Urbanity Dance artistic director Betsi Graves calls the Boston Contemporary Dance Festival this weekend “a crazy dream” and “a huge leap of faith.” But it’s a stretch her five-year-old company is more than willing to make for what she hopes will be a big community payoff.
“I have so much respect for all the companies in Boston, and that’s why I want to take a leadership role in something we can all benefit from,” Graves said. “It’s a chance for companies to come together, showcase their work, and learn from each other, and for audiences who’ve only supported one company to see other companies.”
It’s also a chance for local audiences to see acclaimed troupes from as far away as Alaska, Canada, and California, including Alaska Dance Theatre, Robert Moses’ Kin, and Ellenore Scott’s new ELSCO Dance. The all-volunteer festival features three different concerts at the Paramount Center Aug. 17 involving 35 companies. Last year’s inaugural festival casting call resulted in roughly 40 responses, and 15 companies were chosen. This year, more than 100 companies hoped to participate.
“It was such an overwhelming response, we added a third show to specifically highlight local companies,” Graves said. The noon show is the “Boston Edition,” while concerts at 3 p.m. and 7:30 p.m. are national showcases. The day of performances is preceded by a day of free master classes (for ages 14 and up) and two panel discussions, all open to the public.
Contemporary styles represented in the festival performances will range from ballet to a wide variety of modern aesthetics to dance incorporating ethnic traditions from around the world. Expected highlights include a world premiere by “So You Think You Can Dance” all-star Scott. She says her new “Run, Boy,” set to music by Woodkid, is a nonstop, high-energy trio for three of her ELSCO male dancers. “It’s about the word escape and how many different ways you can express that in athleticism, physicality, emotion,” Scott said in a recent phone interview.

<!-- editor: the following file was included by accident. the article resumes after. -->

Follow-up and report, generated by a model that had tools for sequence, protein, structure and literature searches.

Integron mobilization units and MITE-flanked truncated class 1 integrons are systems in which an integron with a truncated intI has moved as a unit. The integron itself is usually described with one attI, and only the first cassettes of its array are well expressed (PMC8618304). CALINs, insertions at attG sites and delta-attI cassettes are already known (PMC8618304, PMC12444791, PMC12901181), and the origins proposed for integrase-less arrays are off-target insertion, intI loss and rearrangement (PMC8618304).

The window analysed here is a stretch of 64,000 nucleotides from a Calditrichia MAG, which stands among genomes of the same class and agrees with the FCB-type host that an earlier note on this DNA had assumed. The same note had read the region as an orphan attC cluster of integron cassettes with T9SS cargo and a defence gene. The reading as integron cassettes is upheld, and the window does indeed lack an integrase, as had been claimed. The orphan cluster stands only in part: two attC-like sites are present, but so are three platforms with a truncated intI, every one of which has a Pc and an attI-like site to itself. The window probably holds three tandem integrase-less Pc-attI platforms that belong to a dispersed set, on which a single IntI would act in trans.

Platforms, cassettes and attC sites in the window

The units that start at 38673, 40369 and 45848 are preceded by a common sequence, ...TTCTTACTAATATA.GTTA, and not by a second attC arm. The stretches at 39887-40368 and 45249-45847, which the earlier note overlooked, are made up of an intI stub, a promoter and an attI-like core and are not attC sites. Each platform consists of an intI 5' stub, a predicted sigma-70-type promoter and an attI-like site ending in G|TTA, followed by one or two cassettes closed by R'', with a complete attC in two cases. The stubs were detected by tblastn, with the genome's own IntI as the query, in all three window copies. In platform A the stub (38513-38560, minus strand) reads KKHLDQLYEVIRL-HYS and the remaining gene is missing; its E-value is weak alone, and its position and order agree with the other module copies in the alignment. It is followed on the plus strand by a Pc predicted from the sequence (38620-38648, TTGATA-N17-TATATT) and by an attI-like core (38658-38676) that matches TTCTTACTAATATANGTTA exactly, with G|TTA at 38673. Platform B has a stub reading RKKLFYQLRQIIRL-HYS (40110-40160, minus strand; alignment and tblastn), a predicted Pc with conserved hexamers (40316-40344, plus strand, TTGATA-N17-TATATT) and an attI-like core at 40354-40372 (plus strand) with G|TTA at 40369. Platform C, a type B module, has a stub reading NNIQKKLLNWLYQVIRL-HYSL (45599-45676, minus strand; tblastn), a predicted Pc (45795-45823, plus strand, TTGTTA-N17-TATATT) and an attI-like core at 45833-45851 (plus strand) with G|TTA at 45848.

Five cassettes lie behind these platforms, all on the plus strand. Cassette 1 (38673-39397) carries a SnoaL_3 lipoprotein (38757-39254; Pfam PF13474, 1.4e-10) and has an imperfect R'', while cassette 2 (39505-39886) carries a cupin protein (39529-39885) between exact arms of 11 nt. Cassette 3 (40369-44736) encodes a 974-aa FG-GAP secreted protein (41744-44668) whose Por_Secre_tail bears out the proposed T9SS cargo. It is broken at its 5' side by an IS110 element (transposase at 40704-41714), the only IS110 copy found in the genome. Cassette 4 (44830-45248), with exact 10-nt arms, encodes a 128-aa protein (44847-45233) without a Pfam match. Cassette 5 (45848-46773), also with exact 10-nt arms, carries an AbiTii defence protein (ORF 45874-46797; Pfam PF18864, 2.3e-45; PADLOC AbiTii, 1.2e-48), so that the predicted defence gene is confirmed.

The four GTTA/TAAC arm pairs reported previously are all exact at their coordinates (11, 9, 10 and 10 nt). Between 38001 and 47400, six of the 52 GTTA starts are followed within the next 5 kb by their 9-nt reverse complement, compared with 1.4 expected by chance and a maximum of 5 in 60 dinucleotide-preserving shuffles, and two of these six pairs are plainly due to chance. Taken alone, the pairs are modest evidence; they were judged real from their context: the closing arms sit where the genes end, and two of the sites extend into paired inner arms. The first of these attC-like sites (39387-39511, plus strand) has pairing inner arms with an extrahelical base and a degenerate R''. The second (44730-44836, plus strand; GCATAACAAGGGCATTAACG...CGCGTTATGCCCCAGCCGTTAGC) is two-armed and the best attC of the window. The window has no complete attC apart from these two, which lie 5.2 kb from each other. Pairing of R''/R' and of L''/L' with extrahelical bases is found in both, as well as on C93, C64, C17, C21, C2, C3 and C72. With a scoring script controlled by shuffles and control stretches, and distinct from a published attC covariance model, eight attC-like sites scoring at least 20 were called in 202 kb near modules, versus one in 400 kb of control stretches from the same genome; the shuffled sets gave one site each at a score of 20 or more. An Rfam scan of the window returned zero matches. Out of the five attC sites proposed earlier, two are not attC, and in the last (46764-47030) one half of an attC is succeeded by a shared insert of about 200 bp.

Scott, whose roots are in both traditional modern dance and the commercial world, says that the festival offers much-needed exposure for her fledgling troupe. “I’m hoping to redefine the dialogue of dance between what is commercial and what is concert, so maybe we don’t need to use those words anymore,” she said, “and redefine the connection and communication between audience and dancer.”
Alaska Dance Theatre artistic director and resident choreographer Gillmer Duran is looking for a similar rise in visibility. “Exposure is very important to us to break through our isolation here,” he explained. “We reinvented the company two years ago, generating a style here that is unique, that has an Alaskan voice, and it will be very beneficial to be recognized from the outside and come back here.” The Anchorage-based company brings a trio called “Flat Out Dark,” with music by Zoë Keating, that Duran says examines the effects of the presence and absence of light. “It explores how we try to break through barriers — the geographic barriers, philosophical barriers, climate. As artists we are sometimes in a very dark place.”
Graves is especially excited to see the company Robert Moses’ Kin from San Francisco. “That’s probably the biggest name coming,” she said. “[Moses’] work has a real eye for athleticism mixed with ballet technique and fluidity, finding the beautiful in unusual, unique movements.” Urbanity Dance will contribute two large ensemble works to the festival, one by Graves, the other by Jaclyn Walsh.
All the companies are paying their own way to the festival, including dancer fees, airfare, and room and board. “Alaska Dance Theatre started a Kickstarter campaign to raise funds to get here,” Graves said. “These companies want to come here to share what they do, and they’re hoping to find more supporters, get good press, make a great contact with another company. There’s a great sense of opportunity, that we can learn from what other companies are doing artistically and how they are dealing with the same financial and infrastructure challenges.”
Graves expects festival costs to hit $20,000, mostly for rental of the Paramount Center for the two days. Urbanity Dance is on the hook for the whole bill, which it hopes to cover through ticket sales. Graves said the company will have to sell 800 tickets over the three shows to break even. “Last year we sold 600 seats, so we’ll have to sell more to be sustainable,” she said with a hint of trepidation. “But we have more companies involved, so that should help.”
For Graves, who taught at Boston Ballet for 10 years, the festival is an investment in Urbanity Dance as well as in Boston itself, which she considers a “groundbreaking city for ideas and the arts.” Since Urbanity’s founding five years ago, the company has not only performed across the country, but it has established a studio and school in the South End as well as partnerships with public schools, juvenile detention centers, and health organizations. “The core of our vision is really service,” Graves said. “We want to raise the visibility of what is currently being done in the Boston dance community.”